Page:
LONDON (Reuters) - Britain’s financial regulator has told banks to rescue thousands of borrowers “trapped” in poor value home loans, saying the authorities could intervene if need be.
Mortgage “prisoners” took out a loan before tougher rules introduced since the financial crisis left them unable to meet stricter affordability tests for remortgaging to a cheaper deal as interest rates rise.
Banks came to a voluntary arrangement earlier this year to allow such customers to switch if they meet basic conditions.
“We believe this is an important step forward, but the devil is in the detail,” said Christopher Woolard, executive director for competition at the Financial Conduct Authority.
“We are keen to see what impact this agreement has, and to see all lenders able to participate doing so,” he told a conference held by UK Finance, which represents Britain’s banks.
The arrangement could help at least 10,000 customers, but there were an additional 120,000 people whose mortgages are not held by authorised firms.
“I want to see an answer in the unauthorised space,” Woolard said.
If need be, the FCA will discuss with the government whether the watchdog should be given new powers over unregulated parts of the market, he said.
“We need to see a willingness from industry to offer re-mortgaging opportunities to those who currently don’t seem to have them,” Woolard said.
Jackie Bennett, director of mortgages at UK Finance, told the conference that the industry was exploring with the FCA what might be possible for customers of unregulated firms who were not UK Finance members.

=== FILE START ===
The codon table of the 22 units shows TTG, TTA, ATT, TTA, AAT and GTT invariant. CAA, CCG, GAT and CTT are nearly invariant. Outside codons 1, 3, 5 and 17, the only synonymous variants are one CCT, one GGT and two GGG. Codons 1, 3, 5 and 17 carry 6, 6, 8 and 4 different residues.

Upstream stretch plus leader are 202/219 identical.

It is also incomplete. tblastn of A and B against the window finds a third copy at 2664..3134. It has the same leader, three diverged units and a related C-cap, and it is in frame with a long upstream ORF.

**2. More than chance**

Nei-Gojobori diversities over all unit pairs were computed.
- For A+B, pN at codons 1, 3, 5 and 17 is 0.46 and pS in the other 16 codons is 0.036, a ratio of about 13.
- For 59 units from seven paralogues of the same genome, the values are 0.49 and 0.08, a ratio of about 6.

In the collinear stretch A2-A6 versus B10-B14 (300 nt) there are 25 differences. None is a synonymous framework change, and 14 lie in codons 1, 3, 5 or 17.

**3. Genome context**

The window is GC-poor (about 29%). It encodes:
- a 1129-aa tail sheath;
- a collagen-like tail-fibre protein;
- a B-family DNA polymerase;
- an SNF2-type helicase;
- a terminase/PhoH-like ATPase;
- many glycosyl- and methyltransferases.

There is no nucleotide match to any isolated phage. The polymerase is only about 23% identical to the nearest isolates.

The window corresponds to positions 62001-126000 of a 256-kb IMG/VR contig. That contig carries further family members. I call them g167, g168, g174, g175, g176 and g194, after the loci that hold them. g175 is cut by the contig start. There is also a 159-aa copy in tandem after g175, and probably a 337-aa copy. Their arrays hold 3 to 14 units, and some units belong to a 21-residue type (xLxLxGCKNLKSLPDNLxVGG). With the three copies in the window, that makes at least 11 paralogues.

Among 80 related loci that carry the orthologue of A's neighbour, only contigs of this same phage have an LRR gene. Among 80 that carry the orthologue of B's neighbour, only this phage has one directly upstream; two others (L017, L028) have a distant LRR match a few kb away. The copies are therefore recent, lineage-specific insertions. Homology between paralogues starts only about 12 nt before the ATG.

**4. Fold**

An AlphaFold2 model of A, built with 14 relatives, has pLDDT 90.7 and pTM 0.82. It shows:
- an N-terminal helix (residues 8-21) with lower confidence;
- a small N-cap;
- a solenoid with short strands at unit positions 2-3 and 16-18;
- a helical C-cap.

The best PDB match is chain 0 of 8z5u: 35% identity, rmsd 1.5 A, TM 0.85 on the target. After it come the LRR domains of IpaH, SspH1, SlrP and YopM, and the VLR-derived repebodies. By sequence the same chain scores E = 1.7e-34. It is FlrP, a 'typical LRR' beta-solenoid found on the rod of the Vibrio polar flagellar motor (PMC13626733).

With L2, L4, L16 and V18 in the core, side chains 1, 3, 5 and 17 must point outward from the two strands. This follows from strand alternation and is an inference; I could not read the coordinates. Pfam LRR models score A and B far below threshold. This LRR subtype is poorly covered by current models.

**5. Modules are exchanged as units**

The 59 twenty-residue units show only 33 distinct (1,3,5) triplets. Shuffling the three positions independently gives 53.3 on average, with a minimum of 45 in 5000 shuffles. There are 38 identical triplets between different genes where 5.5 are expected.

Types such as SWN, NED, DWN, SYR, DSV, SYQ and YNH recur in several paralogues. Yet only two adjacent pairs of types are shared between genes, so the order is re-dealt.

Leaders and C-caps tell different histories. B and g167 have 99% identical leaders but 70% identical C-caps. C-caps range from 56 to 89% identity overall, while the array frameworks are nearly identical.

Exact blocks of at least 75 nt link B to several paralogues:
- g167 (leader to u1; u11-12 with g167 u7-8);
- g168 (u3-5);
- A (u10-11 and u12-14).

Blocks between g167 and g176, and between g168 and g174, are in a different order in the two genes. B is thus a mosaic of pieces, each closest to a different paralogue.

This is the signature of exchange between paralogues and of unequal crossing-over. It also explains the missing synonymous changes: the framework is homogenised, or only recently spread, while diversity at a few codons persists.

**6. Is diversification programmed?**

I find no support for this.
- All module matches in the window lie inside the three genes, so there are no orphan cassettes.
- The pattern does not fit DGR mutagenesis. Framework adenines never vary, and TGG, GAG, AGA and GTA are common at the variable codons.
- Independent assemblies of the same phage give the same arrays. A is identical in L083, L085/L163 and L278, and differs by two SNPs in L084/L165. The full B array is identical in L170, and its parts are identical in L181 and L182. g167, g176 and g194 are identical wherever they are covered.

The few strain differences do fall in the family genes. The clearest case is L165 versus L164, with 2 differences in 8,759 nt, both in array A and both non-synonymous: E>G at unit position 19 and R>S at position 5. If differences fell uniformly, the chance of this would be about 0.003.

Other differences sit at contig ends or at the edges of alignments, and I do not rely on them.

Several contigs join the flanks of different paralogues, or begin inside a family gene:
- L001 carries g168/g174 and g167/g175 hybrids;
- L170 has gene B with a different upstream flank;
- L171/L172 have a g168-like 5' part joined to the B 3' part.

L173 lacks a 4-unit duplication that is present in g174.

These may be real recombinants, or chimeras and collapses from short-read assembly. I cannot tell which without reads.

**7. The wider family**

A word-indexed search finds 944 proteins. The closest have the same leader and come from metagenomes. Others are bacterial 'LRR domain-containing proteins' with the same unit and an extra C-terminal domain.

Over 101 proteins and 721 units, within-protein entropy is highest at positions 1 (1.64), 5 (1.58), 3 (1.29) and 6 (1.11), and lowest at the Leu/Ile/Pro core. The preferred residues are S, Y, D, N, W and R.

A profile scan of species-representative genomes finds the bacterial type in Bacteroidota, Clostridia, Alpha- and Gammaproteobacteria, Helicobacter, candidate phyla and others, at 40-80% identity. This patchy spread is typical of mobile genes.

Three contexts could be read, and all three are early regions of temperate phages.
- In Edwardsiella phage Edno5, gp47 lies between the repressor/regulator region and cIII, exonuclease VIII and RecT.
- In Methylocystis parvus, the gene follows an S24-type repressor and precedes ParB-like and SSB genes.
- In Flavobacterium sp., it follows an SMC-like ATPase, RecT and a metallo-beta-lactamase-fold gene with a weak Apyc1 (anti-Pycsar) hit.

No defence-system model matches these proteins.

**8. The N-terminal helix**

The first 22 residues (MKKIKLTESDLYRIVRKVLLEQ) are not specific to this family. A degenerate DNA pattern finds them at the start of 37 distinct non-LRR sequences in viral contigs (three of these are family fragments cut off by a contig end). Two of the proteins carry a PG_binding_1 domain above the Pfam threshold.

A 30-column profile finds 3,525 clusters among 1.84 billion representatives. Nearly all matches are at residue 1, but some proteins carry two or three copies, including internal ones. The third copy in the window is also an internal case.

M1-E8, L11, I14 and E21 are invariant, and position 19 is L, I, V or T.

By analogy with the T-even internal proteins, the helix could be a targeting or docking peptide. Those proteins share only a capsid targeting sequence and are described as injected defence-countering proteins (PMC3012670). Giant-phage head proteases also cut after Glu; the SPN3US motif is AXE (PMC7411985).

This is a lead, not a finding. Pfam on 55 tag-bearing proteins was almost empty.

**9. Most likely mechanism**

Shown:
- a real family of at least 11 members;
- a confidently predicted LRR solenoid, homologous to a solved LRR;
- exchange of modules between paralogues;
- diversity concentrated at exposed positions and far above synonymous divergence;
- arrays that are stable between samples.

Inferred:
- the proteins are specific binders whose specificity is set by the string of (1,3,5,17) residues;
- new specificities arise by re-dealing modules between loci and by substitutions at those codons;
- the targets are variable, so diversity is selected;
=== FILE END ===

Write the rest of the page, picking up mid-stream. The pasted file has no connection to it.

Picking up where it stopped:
“To make this possible it is likely to need handbook changes at the very least, and possibly legislative changes,” Bennett said.
The FCA published interim findings in May of its review of the mortgage market, finding that the sector worked well generally, but that nearly a third of borrowers may not be getting the best deal.
Woolard said the final report with possible action will be published in the first quarter of next year, later than originally indicated.
Bennett said if banks are asked to deal with many new rules at once, it could increase operational risks at a time of Brexit challenges and an increase in cyber threats.
“This is not a call for deregulation or a ‘light touch’, simply a call for appropriate ‘air traffic control’ to ensure that interventions are well considered, sequenced and orchestrated to minimise disruption and operational risks in implementation,” Bennett said.
Reporting by Huw Jones, editing by Ed Osmond